Login

Sign Up

After creating an account, you'll be able to track your payment status, track the confirmation and you can also rate the tour after you finished the tour.
Username*
Password*
Confirm Password*
First Name*
Last Name*
Birth Date*
Email*
Phone*
Country*
* Creating an account means you're okay with our Terms of Service and Privacy Statement.
Please agree to all the terms and conditions before proceeding to the next step

Already a member?

Login
+86 150-8901-2527 Info@Tourtraveltibet.com

Login

Sign Up

After creating an account, you'll be able to track your payment status, track the confirmation and you can also rate the tour after you finished the tour.
Username*
Password*
Confirm Password*
First Name*
Last Name*
Birth Date*
Email*
Phone*
Country*
* Creating an account means you're okay with our Terms of Service and Privacy Statement.
Please agree to all the terms and conditions before proceeding to the next step

Already a member?

Login

The Significance and Origins of Gadong Dharma Protector in Tibetan History

The four guardian deities of the Gelug Sect frequently appear on the title pages of Tibet’s modern history. These oracle gods (སྐུ་ཁོག་ཞུགས་པའི་ལྷ) often have a say in political and religious matters through “divine judgment” under the theocratic political system. It can be challenging to find information about them in descriptions. Therefore, when encountering these gods, it is important to not only appreciate and analyze their artistic images from an iconographic perspective but also give special attention to this field.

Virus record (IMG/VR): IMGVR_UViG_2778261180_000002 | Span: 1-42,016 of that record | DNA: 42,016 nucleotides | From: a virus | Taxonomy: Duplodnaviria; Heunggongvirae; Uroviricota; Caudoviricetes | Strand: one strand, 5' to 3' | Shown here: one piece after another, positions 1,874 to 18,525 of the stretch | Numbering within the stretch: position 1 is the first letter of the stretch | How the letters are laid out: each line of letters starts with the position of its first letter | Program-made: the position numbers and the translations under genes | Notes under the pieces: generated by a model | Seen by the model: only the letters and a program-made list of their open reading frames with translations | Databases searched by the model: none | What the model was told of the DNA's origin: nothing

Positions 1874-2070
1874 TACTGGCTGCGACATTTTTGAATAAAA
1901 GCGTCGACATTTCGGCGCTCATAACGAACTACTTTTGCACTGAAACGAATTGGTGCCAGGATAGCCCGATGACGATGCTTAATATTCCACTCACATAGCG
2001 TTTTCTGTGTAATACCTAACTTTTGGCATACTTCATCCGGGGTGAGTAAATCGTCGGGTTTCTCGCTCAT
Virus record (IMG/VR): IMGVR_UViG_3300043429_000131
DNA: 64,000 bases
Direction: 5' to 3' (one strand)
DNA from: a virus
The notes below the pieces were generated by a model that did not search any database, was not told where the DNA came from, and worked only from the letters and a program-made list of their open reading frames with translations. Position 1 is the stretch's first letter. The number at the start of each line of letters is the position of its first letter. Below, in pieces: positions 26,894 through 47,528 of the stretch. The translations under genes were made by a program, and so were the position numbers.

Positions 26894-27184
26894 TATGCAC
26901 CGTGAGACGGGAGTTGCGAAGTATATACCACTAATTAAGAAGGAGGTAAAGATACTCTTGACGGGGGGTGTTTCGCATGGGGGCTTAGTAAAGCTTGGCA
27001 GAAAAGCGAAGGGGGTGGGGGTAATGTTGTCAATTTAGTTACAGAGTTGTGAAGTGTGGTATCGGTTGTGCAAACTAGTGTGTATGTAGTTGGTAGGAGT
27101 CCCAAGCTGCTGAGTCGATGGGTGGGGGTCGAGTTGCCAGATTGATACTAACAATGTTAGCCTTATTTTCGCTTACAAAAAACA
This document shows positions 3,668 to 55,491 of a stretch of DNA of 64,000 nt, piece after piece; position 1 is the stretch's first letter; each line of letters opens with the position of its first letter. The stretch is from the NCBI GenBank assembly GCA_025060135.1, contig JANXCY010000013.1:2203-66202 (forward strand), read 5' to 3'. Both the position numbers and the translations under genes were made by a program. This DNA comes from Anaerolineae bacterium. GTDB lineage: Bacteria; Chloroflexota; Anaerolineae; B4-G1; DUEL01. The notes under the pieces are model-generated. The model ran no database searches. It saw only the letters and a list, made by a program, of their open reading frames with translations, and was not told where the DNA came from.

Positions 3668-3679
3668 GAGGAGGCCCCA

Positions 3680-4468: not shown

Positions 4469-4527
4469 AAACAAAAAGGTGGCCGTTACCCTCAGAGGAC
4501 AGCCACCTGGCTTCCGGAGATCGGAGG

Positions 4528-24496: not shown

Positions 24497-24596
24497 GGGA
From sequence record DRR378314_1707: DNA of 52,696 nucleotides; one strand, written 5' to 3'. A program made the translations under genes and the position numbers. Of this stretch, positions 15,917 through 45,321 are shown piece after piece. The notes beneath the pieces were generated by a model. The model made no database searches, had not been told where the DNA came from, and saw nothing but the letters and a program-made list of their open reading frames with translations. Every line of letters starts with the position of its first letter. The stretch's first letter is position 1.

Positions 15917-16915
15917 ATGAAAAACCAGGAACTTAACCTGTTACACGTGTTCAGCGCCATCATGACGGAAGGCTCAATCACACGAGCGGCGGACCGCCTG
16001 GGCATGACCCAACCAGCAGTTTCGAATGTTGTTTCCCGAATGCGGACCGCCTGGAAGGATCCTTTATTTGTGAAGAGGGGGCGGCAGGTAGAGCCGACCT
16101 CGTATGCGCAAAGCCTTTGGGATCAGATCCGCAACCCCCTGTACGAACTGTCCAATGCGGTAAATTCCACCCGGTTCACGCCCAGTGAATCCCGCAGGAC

From classical narratives, it is evident that the God of Proclamation has undergone development from ancient worship to a visual and operable ritual program. Additionally, the god’s significance is deeply rooted in politics. A prime example is the four oracle gods of the Gelug Sect, whose formation and growth are closely tied to the sect’s fortunes.

By the mid-17th century, the Gelug Sect solidified its political and religious authority in a challenging and turbulent era, thanks to the support of local powers like Lhasa. When examining the gods conferred by the local government, it becomes apparent that most of them originate from the Lhasa Valley. Nechung hails from Drepung Monastery, Lamu Tsangpa or Brahma from Lamu Monastery, Dorje Setrab from Sangpu Monastery, and Gadong from Gadong Temple.

The most virtuous and meritorious king among the five: Gadong